Wisconsin native Pardeep Kaleka was driving to the Sikh Temple of Wisconsin when he learned there was— the very same place his parents and several other congregants were preparing a community meal.
His mother survived the Aug. 5, 2012 attack, but, did not. He was one of killed by a shooter with .
"This tragedy was heard, not just in the United States, but all over the world," Kaleka said Friday in a vigil memorializing the event. "It resonated with every single Sikh."
The shooting became the deadliest targetedon Sikh Americans in U.S. history. So, while hate crimes were not a new concept to Sikh Americans, the Oak Creek assault sent shockwaves through the community, said Sim J. Attariwala, a senior policy and advocacy manager of the Sikh Coalition.
"It was a somber day," Attariwala said to CBS News. "I think every Sikh that I know, including myself, remembers exactly where they were when they heard the news of the Oak Creek shooting."
In the 10 years since the attack, the threat of white nationalism and crimes against Sikhs and other American minority groups has increased, he said.
"Oak Creek can be seen as a warning of the increasingly violent and assertive role that white supremacy has set out to play in American society over the next decade," Attariwala said. "Our community, the AAPI community, the Latino community, the Black community, the Jewish community, the Muslim community — they're all, I think, at a heightened sense of vigilance."
Authorities like the FBI and Department of Homeland Security have found white supremacy groups to be one of the most dangerous threats in the U.S., said Michael Lieberman of the Southern Poverty Law Center.
Federal agencies "are repeatedly identifying what they consider to be the most lethal domestic threats today, which are number one: racially or ethnically motivated violent extremists who advocate for the superiority of the white race," Lieberman said to CBS News. "And two: anti-government or anti-authority violent extremists."
One way to potentially lessen these threats moving forward is to improve the way hate crime data is tracked in this country, he said. Local law enforcement agencies only report hate crimes to the FBI voluntarily — they are not required to. This means it's likely many hate crimes occurring in the U.S. are going unreported.
"Having that data and taking the reporting of the data seriously would help to be able to allocate resources," Lieberman said. "If you know there have been three anti-Muslim hate crimes in a particular neighborhood, you can increase police patrols and reassure the community by having civic leaders go out and talk to them."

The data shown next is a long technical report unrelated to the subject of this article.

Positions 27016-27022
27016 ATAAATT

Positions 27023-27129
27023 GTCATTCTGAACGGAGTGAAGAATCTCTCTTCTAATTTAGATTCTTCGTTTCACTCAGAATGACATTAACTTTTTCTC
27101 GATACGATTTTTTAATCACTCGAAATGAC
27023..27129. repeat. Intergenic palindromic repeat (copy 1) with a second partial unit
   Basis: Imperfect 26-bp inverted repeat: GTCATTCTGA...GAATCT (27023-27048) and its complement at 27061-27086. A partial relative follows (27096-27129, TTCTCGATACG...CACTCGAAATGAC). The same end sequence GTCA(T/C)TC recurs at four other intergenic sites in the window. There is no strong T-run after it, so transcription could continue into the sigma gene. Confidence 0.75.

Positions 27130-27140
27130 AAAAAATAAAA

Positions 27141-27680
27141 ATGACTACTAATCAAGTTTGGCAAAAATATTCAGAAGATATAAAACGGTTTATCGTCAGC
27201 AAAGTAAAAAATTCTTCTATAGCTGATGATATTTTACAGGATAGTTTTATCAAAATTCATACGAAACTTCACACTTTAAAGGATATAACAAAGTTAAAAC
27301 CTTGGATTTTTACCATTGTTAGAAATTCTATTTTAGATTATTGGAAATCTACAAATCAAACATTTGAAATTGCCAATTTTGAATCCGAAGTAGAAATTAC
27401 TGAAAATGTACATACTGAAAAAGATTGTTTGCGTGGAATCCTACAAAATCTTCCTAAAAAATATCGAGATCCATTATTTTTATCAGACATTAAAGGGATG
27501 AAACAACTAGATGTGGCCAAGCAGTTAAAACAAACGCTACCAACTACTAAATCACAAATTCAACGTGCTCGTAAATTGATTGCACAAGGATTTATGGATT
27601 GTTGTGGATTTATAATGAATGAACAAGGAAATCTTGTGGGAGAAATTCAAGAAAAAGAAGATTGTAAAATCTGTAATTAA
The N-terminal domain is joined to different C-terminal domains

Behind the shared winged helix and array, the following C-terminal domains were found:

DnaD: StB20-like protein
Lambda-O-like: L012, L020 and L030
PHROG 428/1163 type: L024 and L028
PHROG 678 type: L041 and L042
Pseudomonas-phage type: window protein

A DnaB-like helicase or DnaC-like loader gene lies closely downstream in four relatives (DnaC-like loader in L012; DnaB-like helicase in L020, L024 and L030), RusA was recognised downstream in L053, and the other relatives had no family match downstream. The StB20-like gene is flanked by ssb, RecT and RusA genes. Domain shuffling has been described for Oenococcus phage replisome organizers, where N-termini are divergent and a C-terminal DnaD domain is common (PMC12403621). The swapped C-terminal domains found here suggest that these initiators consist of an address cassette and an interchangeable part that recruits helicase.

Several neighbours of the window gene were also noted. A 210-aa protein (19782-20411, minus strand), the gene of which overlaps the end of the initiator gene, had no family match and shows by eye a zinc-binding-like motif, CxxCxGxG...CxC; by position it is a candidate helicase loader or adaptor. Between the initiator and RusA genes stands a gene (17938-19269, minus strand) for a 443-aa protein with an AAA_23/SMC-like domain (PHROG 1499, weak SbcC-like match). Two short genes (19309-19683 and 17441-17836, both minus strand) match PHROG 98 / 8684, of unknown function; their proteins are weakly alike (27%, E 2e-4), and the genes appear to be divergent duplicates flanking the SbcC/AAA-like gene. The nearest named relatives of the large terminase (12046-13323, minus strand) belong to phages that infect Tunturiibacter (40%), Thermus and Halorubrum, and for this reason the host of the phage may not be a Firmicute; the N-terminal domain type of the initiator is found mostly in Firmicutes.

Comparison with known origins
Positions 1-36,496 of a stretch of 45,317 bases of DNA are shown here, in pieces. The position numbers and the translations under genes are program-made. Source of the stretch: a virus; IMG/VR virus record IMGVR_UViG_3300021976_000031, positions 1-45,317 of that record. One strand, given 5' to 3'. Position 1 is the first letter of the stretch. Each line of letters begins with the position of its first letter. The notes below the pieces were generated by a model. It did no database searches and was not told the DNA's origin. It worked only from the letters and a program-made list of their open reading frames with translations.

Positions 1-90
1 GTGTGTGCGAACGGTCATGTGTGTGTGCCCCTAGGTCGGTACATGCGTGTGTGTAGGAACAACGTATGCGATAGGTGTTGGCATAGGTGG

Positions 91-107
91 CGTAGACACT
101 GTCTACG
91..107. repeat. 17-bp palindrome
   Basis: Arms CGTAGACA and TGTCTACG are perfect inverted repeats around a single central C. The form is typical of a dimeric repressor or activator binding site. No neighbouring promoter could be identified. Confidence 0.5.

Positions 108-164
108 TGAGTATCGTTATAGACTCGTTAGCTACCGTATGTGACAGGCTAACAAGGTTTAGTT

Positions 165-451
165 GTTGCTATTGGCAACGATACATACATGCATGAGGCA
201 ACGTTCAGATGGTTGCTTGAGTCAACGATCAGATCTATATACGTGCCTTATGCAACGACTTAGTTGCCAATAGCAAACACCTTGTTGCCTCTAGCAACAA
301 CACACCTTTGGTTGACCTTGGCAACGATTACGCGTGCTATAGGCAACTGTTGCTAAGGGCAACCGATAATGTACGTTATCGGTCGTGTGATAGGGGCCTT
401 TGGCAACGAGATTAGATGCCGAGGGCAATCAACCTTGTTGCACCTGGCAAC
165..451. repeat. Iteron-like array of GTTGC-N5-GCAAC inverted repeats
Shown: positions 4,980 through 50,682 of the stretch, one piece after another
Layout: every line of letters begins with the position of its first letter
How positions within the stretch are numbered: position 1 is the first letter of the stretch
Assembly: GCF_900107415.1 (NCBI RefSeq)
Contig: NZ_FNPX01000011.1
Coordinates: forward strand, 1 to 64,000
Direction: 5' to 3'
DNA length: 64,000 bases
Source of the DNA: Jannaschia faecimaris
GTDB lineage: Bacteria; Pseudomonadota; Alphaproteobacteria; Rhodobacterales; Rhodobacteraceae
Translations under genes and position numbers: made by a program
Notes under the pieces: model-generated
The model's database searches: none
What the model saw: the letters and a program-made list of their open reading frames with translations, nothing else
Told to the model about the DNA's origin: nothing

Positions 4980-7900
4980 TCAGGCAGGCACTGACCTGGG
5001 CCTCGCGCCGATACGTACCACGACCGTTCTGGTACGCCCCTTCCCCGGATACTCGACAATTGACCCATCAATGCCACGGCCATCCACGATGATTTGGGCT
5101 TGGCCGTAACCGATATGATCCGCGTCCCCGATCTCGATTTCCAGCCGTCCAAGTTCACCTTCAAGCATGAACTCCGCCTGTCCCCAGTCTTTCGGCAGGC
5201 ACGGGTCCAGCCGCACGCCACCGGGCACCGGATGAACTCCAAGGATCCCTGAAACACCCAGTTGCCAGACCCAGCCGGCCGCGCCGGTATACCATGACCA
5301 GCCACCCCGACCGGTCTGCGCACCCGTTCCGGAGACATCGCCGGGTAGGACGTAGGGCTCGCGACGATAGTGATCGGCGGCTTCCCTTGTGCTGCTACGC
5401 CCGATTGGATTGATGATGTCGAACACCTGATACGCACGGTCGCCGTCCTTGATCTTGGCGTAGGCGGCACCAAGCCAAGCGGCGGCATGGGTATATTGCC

In addition to improving hate crime tracking, some activists are pushing for more federal funding for security provisions in places of worship. Sikh Coalition's Sahej Preet Singh said while the government
currently offers a grant for these institutions to receive money, it is a competitive process to actually get it.
"This grant actually covers things like bulletproof glass, improving security alarms, and installing new cameras and all that. So, this money really helps," Singh told CBS News. "But at the moment, there is a limited budget, so the competition gets really, really fierce."
If the government is able to increase the budget allotted for this grant, more nonprofit organizations and places of worship would be able to secure funding, he said.
Tragedies and hate crimes like the one in Oak Creek can be difficult for the communities targeted, but Sikh Americans have turned their heartbreak into a motivator for change, Kaleka told CBS News.
"What happened that day didn't deter us from understanding that we have a role to play in America. It just made us more determined," he said. "In times of grief and suffering, sometimes it brings out the worst in us. But for us, I think it brought out the best in us."
Lieberman said the world can look to the Sikh Americans' response to the attack as an example of how to take action in the face of tragedy. So far, they have gotten the FBI to start tracking the number of hate crimes that affect Sikhs specifically, initiated a National Day of Seva, otherwise known as selfless service, on which they encourage people to engage in a form of community service and helped dozens of gurdwaras apply for the federal security grant.
"The resilience that the community has demonstrated and the way they have honored the memory of those who were murdered is through action," he said. "The fact that so many members of this community recognize that there is a way forward to try to make things better, not just for the Sikh American community, but for everyone, that is really a best practice for communities.
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